Britain’s high street banks have taken very different pathways in embracing Open Banking. While some have partnered and innovated from day one, others are still cautious. So, which approach is likely to pay off in the long-term? Expo asks Olly Betts, CEO of Openwrks…
- Which areas of the industry have seen the greatest amount of change from Open Banking?
In the past couple of years, there has been a lot of talk about how Open Banking and the technology behind it, mightchange financial services. Now, we are starting to see that because bank APIs are live and available. We are also learning what is possible, the time horizon and who is going to be driving the change.
The first area of change is in, and around, consumer banking. Are people going to change the way that they bank? What is that going to look like? We are seeing a few different models for that. There are new banking propositions, with challenger banks or neobanks providing a different banking experience and the incumbent banks responding.
There is a third category where the transactional layer remains with the bank and a customer engagement layer is being offered on top, to give us greater insights into our banking and allow us to do cooler stuff on top of our bank account.
- Which do you believe will be the winning model?
The winning model is probably a combination. I can’t see people suddenly changing the designation for where they put their money. Some of the digital challenger banks have been struggling to get any customers to pay their salary in to those accounts. I’m not seeing anything there that will affect the behaviour of where people are putting their money.
- Are there any challengers which you have embraced on a personal level?
I am a very avid user of Revolut because it gives me a monetary benefit. It means I don’t have to pay exchange rate fees when I’m abroad. Do I like the interface? Well, that is kind of a hygiene factor that keeps me engaged, but the reason I use it is because it saves me money on forex. There are others in the market that don’t make me any money or save me any money.
- How do you assess who will be future winners and losers in the market?
I look at how the market will change in terms of the segments of the population that are likely to adopt the products. If you look at most innovation technology, they follow the typical adoption curve. There are early adopters that have a certain amount of affluence are tech savvy and perhaps behave like a millennial in terms of how they engage with technology.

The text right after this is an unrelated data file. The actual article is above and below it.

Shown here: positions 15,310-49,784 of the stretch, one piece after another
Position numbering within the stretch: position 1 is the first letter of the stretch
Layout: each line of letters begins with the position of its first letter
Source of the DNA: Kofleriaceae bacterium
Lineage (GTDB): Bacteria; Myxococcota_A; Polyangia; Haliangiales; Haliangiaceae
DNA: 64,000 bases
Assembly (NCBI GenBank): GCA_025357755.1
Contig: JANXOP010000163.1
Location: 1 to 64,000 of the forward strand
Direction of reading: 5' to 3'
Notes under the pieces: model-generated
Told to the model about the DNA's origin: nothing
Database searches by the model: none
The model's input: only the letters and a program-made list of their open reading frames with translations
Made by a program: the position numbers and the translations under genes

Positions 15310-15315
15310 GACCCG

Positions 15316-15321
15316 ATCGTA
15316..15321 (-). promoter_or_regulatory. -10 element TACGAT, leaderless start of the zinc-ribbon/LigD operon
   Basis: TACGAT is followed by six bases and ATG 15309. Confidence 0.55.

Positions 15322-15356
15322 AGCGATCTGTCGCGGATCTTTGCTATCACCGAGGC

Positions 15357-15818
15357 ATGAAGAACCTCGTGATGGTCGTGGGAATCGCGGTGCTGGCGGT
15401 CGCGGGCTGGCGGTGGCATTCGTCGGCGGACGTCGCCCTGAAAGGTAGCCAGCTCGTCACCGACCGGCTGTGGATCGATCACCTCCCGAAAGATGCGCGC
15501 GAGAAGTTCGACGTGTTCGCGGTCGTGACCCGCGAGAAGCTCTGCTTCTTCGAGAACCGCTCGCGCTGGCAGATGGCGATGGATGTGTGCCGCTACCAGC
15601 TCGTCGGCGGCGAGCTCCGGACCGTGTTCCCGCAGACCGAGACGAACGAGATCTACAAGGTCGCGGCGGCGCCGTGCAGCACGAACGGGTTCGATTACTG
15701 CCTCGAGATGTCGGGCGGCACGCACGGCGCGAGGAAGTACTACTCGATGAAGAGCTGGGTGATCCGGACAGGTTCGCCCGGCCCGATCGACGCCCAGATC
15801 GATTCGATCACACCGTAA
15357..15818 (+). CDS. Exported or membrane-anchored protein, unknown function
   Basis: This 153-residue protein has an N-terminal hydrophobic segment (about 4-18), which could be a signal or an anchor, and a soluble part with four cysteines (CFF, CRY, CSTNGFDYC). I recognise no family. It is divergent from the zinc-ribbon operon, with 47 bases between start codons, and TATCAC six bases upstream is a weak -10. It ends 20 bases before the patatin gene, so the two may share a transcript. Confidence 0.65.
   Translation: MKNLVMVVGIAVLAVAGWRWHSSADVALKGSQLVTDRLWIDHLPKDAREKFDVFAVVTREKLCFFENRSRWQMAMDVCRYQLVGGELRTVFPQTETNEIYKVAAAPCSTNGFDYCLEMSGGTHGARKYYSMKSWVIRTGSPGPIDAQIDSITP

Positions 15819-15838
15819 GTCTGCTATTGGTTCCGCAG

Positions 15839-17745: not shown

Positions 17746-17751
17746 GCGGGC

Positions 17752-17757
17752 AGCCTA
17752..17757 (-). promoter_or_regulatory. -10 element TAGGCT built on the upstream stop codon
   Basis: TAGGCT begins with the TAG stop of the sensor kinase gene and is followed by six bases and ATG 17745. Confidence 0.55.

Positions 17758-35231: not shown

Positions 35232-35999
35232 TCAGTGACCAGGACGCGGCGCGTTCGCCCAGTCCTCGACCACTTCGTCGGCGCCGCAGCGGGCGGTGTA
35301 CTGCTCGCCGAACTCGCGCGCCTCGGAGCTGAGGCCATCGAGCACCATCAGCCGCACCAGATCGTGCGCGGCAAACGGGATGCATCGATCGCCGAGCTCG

Then, there is the broader adoption in the rest of the market. The wealth, affluent or rich base their buying decision on financial return, whereas with the poorer elements of society, it is all about access. To get true adoption of these products, you need to do both.
- How nimble, able, or willing are the incumbent banks to respond to a threat from challengers?
One of the challenges that any new start up trying to disrupt the market is that whenever there is technical disruption, there is a chance for the incumbents to take advantage of that too.
- How willing are the incumbents to work with newer companies and are the incumbents taking different views on the future?
With Open Banking, there is definitely a divide between those incumbents that see open banking as an opportunity or a threat. There are some banks that have invested heavily in marketing and are already advertising on television. Brands like HSBC and Lloyds have declared a massive investment. Then, you see other banks which are conspicuous in their absence. They perhaps see it as a fad, as a threat or even a combination of both. Banks are under pressure to manage their public image and key to them is brand perception.
- Is there any benefit in waiting or is it all about first mover advantage?
You have to move first, especially in markets like this. We implemented the Open Banking APIs from day one. We learnt so much from being there first. What the neobanks are doing quite well is taking risks and innovating early. Their customers are happy to forgive them for their mistakes because they have great customer service. They have over invested heavily in customer service.
- Surely there are risks of jumping in early though?
Banks that are there now and are learning through it will be in a much better position. That said, industry commentators have warned that Open Banking will eventually see a major data breach with someone. Do you want to be the party involved in that? Well, no. But if you have already established a great engagement model with your customers, you will be forgiven for innovating.
- You’ve mentioned customer service a lot. Is this the key to the Open Banking future?
One of the extensions of open banking is that it has become all about customer service. Business banking is an interesting area. RBS has public stated they are investing more than they ever had before in customer facing staff. But you have to ask how do you blend that with the right technology?
- Experian offers its Affordability Passport to debt charities and lenders for free in response to the Coronavirus outbreak
- Starling Bank announces Coronavirus Support Scheme
- Moneybox app announces Open Banking merger with Santander
- How can we accelerate Open Finance adoption?
- Insight: Consumer trust and bringing Open Banking to life for the consumer